“There'll be fast channels for everyone. Whether you’re a reality junkie, a crime buff, maybe you want to watch season after season of Love Island, we will create these premium curated channels where everyone feels like there’s something for them on 9Now, where they don’t have to make ten choices every night as to what they are watching.”
Nine CMO Liana Dubois thinks FAST channels mark a “tipping point and transition moment” for total TV, bringing genuine addressability to a mass medium.
“The restrictions [that apply] in a broadcast world start to get broken down, and rather than being this sort of one to many medium, which is still incredibly powerful today, we can get much more personalised and be one-to-one, but still at scale, and still deliver that reach and that impact.”
Adloads, adtech, add more
Adloads are a key aspect of viewer experience – and Nine is now actively working on ad break architecture, says Michael Stephenson, looking at ad break lengths and formats across BVOD and FAST channels to work out the best balance for user engagement and attention.
Meanwhile, adtech investments mean more advertisers can take advantage of highly targeted ads – down to postcode level. Nine Ad Manager, launched at Nine’s recent Upfront presentation, will even create the ad for brands in minutes via a self-serve platform using AI. Stephenson suggests it gives small to medium firms a far more compelling, premium, brand-safe and privacy-compliant alternative to social video.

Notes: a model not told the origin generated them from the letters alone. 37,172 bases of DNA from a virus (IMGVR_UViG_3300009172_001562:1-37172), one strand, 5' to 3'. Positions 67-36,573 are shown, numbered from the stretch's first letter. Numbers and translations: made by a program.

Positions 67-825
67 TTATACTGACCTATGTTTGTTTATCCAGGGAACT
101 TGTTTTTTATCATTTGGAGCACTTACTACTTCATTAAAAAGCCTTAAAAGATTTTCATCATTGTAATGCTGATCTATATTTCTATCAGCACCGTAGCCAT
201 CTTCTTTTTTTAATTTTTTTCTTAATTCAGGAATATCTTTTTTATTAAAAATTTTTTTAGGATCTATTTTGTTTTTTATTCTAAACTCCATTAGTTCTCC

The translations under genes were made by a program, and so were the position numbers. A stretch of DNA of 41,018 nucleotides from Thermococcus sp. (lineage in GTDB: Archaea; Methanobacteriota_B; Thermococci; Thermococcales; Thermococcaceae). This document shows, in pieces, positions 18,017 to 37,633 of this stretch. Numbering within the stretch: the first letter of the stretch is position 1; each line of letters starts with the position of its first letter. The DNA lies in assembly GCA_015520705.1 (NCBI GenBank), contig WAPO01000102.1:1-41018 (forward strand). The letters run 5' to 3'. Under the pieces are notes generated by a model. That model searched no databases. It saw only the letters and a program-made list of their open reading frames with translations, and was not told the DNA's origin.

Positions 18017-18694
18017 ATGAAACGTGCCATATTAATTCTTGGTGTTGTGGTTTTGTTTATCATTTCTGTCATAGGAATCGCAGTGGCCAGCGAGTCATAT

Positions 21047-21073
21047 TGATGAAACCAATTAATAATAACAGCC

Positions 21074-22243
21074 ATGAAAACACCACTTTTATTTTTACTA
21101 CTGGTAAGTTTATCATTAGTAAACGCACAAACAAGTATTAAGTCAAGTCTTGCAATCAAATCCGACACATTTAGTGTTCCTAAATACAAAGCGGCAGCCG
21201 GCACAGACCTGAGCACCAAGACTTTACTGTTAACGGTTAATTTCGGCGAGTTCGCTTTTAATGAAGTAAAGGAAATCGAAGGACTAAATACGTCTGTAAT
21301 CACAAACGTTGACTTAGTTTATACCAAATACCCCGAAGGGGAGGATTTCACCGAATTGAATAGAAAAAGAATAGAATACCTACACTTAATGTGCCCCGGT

Given Nine has “almost 50 per cent share of the BVOD market”, Stephenson thinks marketers will see plenty of upside in 2024.
“Interactive advertising, the ability to engage with ads as you're seeing them live utilising your remote control, sending information directly to your mobile device – that really takes interactivity to the next level,” he says.
“Dynamic creative optimisation, the ability to deliver up to 10,000 different creative executions off the back of one piece of video – there is a truckload of stuff happening.”
Source: OzTam (5 City Metro & Regional Combined Panel) Nine Network, Nine Content Affiliates, MARRIED AT FIRST SIGHT, Excluding Encore, Average Audience, Total People, Consolidated 28; OzTAM Live + VOD VPM, 9Now Only, Con28, Married at First Sight (30/01/2023 - 3/04/2023), includes coviewing on connected tv devices. OzTAM LIVE + VOD VPM, Love Island Australia, 30/10/2023 - 29/11/2023 v 31/10/2022 - 30/11/2022, includes co-viewing on connected TV devices. OzTAM Live + VOD VPM, 1 January 2023 – 30 November 2023. Metric: CFTA Minutes, duration 0+, includes coviewing on Connected TV.